“The economy is a wholly-owned subsidiary of the environment, not the other way around.”

Gaylord Nelson first uttered those bits of wisdom more than 40 years ago at the dawn of environmental consciousness. It was the Wisconsin senator’s way of reminding his fellow politicians about the interrelated nature of economics, the environment, demographics, health, land use, transportation and energy, segments that were (and still are) parts of a single thread.

Minnesota responded to this idea in 1973 by launching the Environmental Quality Board. The EQB was envisioned as an independent, nonpartisan arm of state government that would investigate issues that overlapped the purview of regular departments. The intention was to take a longer, wider view, thereby guiding the state toward wiser policy decisions. Possible intertwined topics laid out in the founding legislation included demographic trends, settlement patterns, air and water quality, transportation needs and utility corridors. In today’s parlance, the EQB was designed to help make the state sustainable, smart and competitive.

It never really worked out. If the agency reached a peak, it was in the 1980s and ’90s, when its research led to better protection from pesticides for farm drinking-water supplies and new building practices and codes that cities now routinely describe as “green.” But it took a pass in 1998 on what’s now called climate change, the alarming rise in atmospheric carbon that scientists have been tracking since the 1950s.

By the 2000s, a number of factors — including interagency turf battles, a shift in political ideology and a series of budget crises — led to the EQB’s dilution and the breakup of its parent agency, Minnesota Planning. Legislative leaders at the time went so far as to describe planning as a luxury that the state could no longer afford. Some even argued that planning, while fine for individuals and private companies, was an overreach for government.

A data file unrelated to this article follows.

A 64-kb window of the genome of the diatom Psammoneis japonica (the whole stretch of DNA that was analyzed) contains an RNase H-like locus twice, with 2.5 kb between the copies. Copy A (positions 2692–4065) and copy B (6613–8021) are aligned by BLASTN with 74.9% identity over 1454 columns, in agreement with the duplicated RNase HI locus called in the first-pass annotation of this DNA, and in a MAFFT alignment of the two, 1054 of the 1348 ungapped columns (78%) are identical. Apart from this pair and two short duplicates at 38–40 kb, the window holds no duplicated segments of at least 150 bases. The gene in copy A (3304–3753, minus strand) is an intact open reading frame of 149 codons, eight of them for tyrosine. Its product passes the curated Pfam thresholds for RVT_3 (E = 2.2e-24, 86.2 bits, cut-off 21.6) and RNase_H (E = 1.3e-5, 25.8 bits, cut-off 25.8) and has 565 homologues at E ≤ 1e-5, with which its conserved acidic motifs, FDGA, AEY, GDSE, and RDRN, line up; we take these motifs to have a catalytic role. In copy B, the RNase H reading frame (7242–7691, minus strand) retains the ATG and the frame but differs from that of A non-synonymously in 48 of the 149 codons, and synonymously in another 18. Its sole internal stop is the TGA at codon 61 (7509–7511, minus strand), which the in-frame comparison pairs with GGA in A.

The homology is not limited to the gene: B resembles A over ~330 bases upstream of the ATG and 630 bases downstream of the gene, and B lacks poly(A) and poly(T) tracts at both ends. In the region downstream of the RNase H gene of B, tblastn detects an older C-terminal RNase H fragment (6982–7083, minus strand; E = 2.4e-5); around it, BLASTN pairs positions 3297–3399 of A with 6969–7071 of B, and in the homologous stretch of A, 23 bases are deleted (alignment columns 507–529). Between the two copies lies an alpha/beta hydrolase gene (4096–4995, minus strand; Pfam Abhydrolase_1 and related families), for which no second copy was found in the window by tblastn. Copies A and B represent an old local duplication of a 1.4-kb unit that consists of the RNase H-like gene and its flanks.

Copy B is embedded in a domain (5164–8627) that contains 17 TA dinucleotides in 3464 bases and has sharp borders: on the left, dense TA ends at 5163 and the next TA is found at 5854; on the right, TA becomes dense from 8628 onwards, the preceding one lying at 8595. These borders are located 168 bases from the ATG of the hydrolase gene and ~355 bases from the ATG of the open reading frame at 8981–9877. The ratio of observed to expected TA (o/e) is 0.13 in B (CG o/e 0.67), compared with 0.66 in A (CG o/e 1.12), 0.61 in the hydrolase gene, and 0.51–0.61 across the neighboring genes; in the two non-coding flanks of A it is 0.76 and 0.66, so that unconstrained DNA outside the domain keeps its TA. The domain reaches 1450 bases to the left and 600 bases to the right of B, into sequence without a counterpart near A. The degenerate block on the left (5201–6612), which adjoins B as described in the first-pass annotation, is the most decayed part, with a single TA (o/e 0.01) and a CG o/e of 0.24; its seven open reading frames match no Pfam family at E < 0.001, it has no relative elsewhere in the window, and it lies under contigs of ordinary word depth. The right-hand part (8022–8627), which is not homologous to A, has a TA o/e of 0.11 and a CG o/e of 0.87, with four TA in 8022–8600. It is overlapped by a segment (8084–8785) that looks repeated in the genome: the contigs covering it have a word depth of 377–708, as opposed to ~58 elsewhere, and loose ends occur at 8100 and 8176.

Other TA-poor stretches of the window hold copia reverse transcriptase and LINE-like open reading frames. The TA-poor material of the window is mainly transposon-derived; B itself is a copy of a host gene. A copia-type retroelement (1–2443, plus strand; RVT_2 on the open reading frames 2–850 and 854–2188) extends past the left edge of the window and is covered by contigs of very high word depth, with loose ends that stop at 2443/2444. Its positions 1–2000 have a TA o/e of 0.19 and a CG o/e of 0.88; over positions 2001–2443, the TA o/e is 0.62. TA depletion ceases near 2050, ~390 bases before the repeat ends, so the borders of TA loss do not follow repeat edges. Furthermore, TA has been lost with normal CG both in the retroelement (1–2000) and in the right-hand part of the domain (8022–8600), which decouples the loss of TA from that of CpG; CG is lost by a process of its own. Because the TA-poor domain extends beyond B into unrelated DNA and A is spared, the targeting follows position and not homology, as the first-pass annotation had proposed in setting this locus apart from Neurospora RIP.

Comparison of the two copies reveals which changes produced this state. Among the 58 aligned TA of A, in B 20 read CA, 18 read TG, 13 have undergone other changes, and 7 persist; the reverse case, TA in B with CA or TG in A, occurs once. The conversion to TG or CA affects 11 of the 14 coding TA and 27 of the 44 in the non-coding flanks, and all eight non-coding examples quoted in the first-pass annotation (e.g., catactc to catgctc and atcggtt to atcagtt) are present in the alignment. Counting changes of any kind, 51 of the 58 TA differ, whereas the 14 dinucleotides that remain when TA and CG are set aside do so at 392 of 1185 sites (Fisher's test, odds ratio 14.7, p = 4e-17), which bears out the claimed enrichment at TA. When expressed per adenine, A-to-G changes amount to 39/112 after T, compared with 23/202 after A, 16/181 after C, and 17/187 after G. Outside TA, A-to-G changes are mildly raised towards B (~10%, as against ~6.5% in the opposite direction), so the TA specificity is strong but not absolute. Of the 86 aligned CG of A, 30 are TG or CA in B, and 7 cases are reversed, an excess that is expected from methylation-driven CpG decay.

Actually, planning’s value is highest in moments of fiscal crisis. And responsible governments always strive to anticipate complex problems. Indeed, the best governments use proactive investigations (planning) to drive efficient responses.

Fortunately that view is again on the upswing, and the EQB, while still on life support, shows signs of resuscitation. Gov. Mark Dayton has challenged the agency to prove its potential. The Legislature last month increased the agency’s tiny budget from $150,000 to, effectively, more than $700,000. While its full-time staff remains at two (down from 30), there’s a move afoot to hire a full-time director and relaunch the EQB (perhaps by another name) as an independent, nonpartisan investigator of cross-jurisdictional problems.

Climate change and water management are likely targets, each topic having been drawn from a series of well-attended listening sessions held around the state last fall and an environmental “congress” held in March. Minnesotans are apparently curious about how the state intends to meet its ambitious greenhouse gas targets (reducing carbon emissions by 30 percent by 2025 and 80 percent by 2050). And they would like assurance that the state’s top competitive asset (water) can be protected and improved, both in quantity and quality.

Those issues pose multidimensional challenges that are central to Minnesota’s prospects for economic growth and quality of life in the coming decades. A truly independent evaluation and road map would greatly benefit policymakers, especially in a sharply partisan world that seems to run on short-term thinking and to value spin over facts.

New York, Maryland, Arizona and Massachusetts are among the states trying to overcome all of that by taking a more strategic approach. Whether a Minnesota agency could become a reliable custodian of the facts, and whether those facts could drive sensible, effective, efficient policies, might be a long shot given today’s political realities. But this state is a more thoughtful, mature, collaborative place than it was a decade ago. Maybe an EQB revival is worth a try.